While it may not be obvious, a great deal of what appears on this site owes a large debt to Werner Erhard, who, in my opinion, was one of the seminal western thinkers of the Twentieth Century. (1)
I’ve just kept unfolding and unpacking things he said ever since taking the est Training in 1978.
What I learned about authenticity, truth, and integrity, I learned from Werner. Now you know the source.
When we achieve a world that works for everyone, when we end hunger on the planet, we’ll do so probably not knowing that Werner was the source of and inspiration for these ideas as accomplishable social goals.
When we end gender inequality and gender persecution on the planet by 2018, a lot of the underpinnings of that, at least in my work, will have come from Werner.
Characterizations of est in particular and the growth movement in general as the “Me Generation” of navel-gazers fails to understand the path of self-awareness with its goal of Self-Realization, which is, one eventually finds, the purpose of life. It was never about self; it was always, as Werner said here, about Self and self-transcendence.
I’m so happy to hear that Werner is publicly teaching again. I owe a debt of gratitude to him that I could never repay, save by working for the ends which he so eloquently taught. Thanks to Sitara.
Peter Haldeman, “The Return of Werner Erhard, Father of Self-Help,” New York Times, Nov. 28, 2015.
The silver-haired man dressed like a waiter (dark vest, dark slacks) paced the aisle between rows of desks in a Toronto conference room. “If you’re going to be a leader, you’re going to have to have a very loose relationship with this thing you call ‘I’ or ‘me,’” he shouted. “Maybe that whole thing in me around which the universe revolves isn’t so central!”
He paused to wipe his brow with a wad of paper towels. An assistant stood by with a microphone, but he waved her off. “Maybe life is not about the self but about self-transcendence! You got a problem with that?”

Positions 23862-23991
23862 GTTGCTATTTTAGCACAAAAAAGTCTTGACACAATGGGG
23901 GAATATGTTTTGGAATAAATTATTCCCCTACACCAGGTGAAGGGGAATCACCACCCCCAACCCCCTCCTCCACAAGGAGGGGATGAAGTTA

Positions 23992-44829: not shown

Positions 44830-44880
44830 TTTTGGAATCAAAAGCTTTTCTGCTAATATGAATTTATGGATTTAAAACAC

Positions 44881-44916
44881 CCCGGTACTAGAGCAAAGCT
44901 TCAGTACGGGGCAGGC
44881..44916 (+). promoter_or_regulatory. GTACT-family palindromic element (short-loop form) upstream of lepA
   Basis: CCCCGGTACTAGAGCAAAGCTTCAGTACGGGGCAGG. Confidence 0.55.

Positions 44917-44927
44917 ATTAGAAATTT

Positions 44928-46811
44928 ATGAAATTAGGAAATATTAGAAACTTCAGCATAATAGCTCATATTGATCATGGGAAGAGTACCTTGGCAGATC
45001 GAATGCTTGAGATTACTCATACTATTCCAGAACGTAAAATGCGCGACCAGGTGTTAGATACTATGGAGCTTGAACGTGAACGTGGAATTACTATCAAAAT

No one in the room had a problem with that. The desks were occupied by 27 name-tagged academics from around the world. And in the course of the day, a number of them would take the mike to pose what their instructor referred to as “yeah buts, how ’bouts or what ifs” in response to his pronouncements — but no one had a problem with them.
In some ways, the three-day workshop, “Creating Class Leaders,” recalled an EST training session. As with that cultural touchstone of the 1970s, there was “sharing” and applause. There were confrontations and hugs. Gnomic declarations hovered in the air like mist: “We need to distinguish distinction”; “There’s no seeing. There’s only the seer”; “There isn’t any is.” (2)
But the event was much more civilized than EST. There were bathroom breaks. No one was called an expletive by the teacher.
This is significant because the teacher was none other than the creator of EST, Werner Erhard.
Pound another nail into the coffin for F. Scott Fitzgerald’s notion that there are no second acts in American lives.
“I am committed to the opposite of that idea,” Mr. Erhard said a few weeks after the leadership class in Toronto. “I don’t think there’s a person who walked out of that room who isn’t a second act.” To say nothing of their instructor, who, at age 80, may be more of a third or fourth act.
[I’ve deleted the following section which, in my view, is an uncomprehending and sensationalistic putdown of everything the growth movement was about, a rehashing of Scientology’s targetting of Werner, in the face of which he felt he needed to leave the United States, etc.]
For several years before his latest professional reincarnation, Mr. Erhard consulted for businesses and government agencies like the Russian adult-education program the Znaniye Society and a nonprofit organization supporting clergy in Ireland.
[Steve: Werner is said to be the father of Glasnost and Perestroika and one of the guiding forces behind the brokered peace in Ireland.]
Enter the Harvard economist Michael Jensen. Dr. Jensen, who is famous in financial circles for championing the concepts of shareholder value and executive stock options, had taken a Landmark course in Boston at the suggestion of his daughter, who mended a rocky relationship with Dr. Jensen after taking the course herself.
“I became convinced we should work to get this kind of transformational material into the academies,” he said, adding that he considers Mr. Erhard “one of the great intellectuals of the century.”
In 2004, with the help of a Landmark official, Dr. Jensen developed an experiential course on integrity in leadership at the Simon Business School at the University of Rochester. The class was offered there for five years, with Mr. Erhard signing on as an instructor during its third year. It has since been taught at several universities around the world as well as at the United States Air Force Academy.
As far as its philosophical underpinnings go, Mr. Erhard struggled a bit to describe the course without resorting to its Delphic phraseology (“ontological pedagogy,” “action as a correlate of the occurring”).